Christ Driving the Traders from the Temple, El Greco, circa 1600, oil on canvas, National Gallery, London
An article from yesterday’s Independent of London on the great sell off of Damien Hirst’s work. Interestingly the collapsing Ponzi scheme signaled by Gagosian putting up Hirst’s work in 11 of his galleries worldwide fails to be mentioned. I noted at the time that putting Hirst’s work up in so many galleries seemed like a desperation move. Apparently, it didn’t work out. :
A couple things of note from the article.
We’re informed that many of Hirst’s pieces at his 2008 sale bypassing traditional dealers were bought by Middle Eastern, Indian, and Russian collectors as “recession-proof” investments. Apparently collectors from these countries are yet to wise up to the fact that the upper precincts of the art world are little more than rigged insider trading schemes.
Georgina Adam, “an art market specialist,” tells us that Hirst has been a fabricator of luxury goods for a long time now.” She doesn’t mention that the same label fits most of the art that galleries like Gagosian sell. Dead-enders. Art about nothing that says nothing. High fashion. Devoid of feeling about life or the real world that collectors who can afford this work are busily destroying.
I wish that these art investment counselors and “specialists” had their own TV show like Jim Cramer’s Mad Money. But then again, the name of the game in the art world is to pretend that art isn’t about money. It’s about the higher civilized values, as if there’s anything at present that one might consider as constituting a civilization.
“According to art market rumors, Hirst’s dealers have regularly stepped in to bid up the value of his work,…. ” In the old days this would have been known as auction rigging. But in today’s art world, pure fraud is just the way they do business..
“Concerns are frequently aired over exactly how much money actually changed hands for his most expensive creation For the Love of God–a platinum-plated, diamond-encrusted skull–which boasted a 50 million pound price tag. The skull was purchased by a consortium of investors led by Hirst.”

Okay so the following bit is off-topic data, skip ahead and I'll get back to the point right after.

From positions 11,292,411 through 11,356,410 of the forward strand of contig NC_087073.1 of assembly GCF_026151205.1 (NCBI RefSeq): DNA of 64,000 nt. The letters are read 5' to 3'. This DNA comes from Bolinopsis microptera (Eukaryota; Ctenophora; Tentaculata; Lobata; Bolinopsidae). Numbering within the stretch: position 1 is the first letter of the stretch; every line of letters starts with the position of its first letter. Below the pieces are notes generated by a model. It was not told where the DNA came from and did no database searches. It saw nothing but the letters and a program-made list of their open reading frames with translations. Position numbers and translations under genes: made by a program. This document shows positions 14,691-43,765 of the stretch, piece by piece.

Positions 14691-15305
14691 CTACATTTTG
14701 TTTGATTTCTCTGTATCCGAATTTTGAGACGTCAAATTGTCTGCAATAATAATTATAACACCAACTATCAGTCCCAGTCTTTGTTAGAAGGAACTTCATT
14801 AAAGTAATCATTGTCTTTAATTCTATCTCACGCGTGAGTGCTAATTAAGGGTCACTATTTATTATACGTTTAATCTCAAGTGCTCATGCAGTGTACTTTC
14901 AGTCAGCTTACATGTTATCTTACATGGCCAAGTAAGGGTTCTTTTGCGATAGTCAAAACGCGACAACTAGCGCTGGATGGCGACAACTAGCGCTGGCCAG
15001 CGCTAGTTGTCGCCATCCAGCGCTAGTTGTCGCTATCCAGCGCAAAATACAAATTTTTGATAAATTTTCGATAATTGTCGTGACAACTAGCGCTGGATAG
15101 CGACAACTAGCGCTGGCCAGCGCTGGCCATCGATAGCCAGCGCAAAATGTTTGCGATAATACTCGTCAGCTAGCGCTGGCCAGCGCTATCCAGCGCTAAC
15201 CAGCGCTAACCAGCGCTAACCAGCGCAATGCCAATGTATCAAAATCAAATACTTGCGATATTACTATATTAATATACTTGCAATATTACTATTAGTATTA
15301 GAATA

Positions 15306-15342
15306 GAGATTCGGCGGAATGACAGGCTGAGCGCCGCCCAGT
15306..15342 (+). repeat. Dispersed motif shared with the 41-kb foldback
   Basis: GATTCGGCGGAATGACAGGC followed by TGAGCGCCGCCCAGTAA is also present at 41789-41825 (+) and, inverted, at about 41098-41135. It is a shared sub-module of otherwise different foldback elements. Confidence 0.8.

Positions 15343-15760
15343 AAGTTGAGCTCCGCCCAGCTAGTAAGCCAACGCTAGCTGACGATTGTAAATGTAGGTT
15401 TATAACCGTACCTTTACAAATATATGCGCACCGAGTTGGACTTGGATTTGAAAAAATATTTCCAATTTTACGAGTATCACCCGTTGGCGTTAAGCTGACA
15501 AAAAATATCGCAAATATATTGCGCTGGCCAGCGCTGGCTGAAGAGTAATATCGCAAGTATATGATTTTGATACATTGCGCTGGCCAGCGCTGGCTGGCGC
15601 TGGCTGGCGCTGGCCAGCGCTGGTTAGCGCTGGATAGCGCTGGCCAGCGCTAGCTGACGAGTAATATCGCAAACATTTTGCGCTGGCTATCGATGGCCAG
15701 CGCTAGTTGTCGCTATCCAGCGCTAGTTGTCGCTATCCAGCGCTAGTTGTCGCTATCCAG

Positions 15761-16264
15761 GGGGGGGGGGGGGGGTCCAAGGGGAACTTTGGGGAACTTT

Nice of Hirst to put an exclamation point to the fraud by leading his consortium of investors in buying back his own work at auction.
“Works by Hirst produced in his most lucrative period between 2005 and…2008 have resold for nearly 30 percent less than their original purchase price.”
This kind of erratic behavior by reliable art stocks has got to have a lot of investors knitting their brows, not to mention the recent collapse of the venerable Knoedler Gallery, which went bankrupt after being caught selling obvious forgeries to gullible art collectors.
Who can these poor collectors trust these days?
Maybe Julian Spalding, who called the Hirst collapse in advance.
I particularly liked the line where Spalding says: “He’s not an artist. What separates Michelangelo from Hirst is that Michelangelo was an artist and Hirst isn’t.”
I suspect Mr. Spalding to have been reading TrueOutsider, as it’s an obvious lift of my Phantom of the Opera statement from back in December. But, as always, I’m quite happy to go uncredited. Just so long as the word gets out.: